If we look at the underlying representation of your data, it will look like this (hex):

00 66
00 67
00 68
00 69
00 6A

The first byte is the flag byte, and the important bit here (pun intended) is that it indicates that there is only a single byte of data in the remainder of the packet. The second byte is the data byte. Your sketch mimics a heart rate monitor by simply counting from 100 to 175 and then resetting back to 100 ad infinitum and we can see that behavior exhibited here in your data.

When you attempt to interpret the data as short (16-bit) values, they are interpreted least-significant bit first, so the first value will be 0x6600, or 26112, the second will be 0x6700 (26368), etc. Likewise, with the interpretation as strings you end up seeing the ASCII interpretation of these values (f, g, h, …).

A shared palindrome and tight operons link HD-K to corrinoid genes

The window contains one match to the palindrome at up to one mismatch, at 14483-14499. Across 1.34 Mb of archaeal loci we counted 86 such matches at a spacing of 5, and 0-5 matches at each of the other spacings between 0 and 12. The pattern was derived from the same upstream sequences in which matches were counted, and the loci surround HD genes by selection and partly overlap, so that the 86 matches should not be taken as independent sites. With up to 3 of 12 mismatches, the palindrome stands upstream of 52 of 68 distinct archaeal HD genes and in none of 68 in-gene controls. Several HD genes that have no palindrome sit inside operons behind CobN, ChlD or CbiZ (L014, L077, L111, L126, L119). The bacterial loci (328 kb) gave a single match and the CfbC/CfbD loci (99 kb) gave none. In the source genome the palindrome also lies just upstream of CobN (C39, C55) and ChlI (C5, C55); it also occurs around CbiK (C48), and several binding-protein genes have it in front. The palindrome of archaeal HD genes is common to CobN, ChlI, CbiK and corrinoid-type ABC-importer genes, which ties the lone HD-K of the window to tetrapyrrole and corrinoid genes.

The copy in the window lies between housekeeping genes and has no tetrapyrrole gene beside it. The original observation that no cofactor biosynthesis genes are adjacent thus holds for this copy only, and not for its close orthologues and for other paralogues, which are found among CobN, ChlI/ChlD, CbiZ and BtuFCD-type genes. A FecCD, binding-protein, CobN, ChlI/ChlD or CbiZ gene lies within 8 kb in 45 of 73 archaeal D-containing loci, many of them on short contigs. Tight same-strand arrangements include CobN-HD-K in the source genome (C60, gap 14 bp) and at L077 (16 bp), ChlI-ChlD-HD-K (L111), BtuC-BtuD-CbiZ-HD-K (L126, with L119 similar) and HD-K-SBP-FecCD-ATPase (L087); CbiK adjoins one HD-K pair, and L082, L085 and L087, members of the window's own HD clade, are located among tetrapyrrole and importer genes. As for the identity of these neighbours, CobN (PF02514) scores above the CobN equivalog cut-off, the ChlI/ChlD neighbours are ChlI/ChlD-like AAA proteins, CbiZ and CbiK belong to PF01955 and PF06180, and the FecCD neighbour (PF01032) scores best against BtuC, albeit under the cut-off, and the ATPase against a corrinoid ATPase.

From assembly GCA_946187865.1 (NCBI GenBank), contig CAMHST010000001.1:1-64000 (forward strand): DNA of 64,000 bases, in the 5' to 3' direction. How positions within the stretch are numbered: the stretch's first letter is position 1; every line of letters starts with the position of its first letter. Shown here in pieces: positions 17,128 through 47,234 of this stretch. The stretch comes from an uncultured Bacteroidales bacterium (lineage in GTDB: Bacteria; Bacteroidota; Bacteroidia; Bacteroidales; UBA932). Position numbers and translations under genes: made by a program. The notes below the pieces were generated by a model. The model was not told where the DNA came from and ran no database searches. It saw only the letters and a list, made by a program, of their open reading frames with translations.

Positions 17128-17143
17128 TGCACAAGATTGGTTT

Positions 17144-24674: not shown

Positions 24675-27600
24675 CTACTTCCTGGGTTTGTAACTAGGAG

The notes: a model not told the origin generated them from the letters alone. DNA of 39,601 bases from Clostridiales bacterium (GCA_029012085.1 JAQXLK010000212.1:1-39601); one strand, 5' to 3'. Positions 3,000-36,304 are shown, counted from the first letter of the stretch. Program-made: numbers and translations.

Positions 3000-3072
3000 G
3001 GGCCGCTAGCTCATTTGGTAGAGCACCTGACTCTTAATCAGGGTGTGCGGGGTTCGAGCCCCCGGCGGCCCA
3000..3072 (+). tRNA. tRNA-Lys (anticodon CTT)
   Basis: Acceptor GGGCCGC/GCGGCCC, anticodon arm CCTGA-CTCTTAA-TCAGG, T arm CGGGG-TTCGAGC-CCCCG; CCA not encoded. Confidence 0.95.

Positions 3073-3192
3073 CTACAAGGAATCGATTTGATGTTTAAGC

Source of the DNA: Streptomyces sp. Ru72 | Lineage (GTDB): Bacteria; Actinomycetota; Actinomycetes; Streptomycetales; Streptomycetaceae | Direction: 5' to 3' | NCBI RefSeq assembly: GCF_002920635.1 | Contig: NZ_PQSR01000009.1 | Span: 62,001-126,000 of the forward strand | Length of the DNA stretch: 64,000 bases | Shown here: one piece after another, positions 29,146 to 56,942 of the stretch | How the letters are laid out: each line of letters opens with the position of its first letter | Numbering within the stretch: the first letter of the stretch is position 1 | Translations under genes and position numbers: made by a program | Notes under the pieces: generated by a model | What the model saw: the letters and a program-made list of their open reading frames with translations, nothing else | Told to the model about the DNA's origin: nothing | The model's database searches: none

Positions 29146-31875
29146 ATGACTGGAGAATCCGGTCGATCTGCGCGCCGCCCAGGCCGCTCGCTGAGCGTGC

To facilitate working with this type of data, I’ve created the following extension:

It requires this version of the BLE extension and will not work with earlier versions of the extension:

And here is a test app that I used to test with an Arduino using a similar sketch to the one you showed above.

HeartRateTest.aia (196.5 KB)


The program works correctly @ewpatton, fantastic.
But this was only a first step of my work, if I want to use other GATT services, I think I could not with that library.
I have also thought to use the heart rate to send other types of data, but I see that it only reads values up to 250; Yes, I know that above 250 bpm we talk about impossible.

I have to think of other possibilities like UART. But I can't get it up and running on my max32630fthr.

Thank you very much once more for your help. You are great.

Yes, and I checked my BLE_HRM app with the new BLE ext.
Doesn't work, but worked fine with previous BLE version.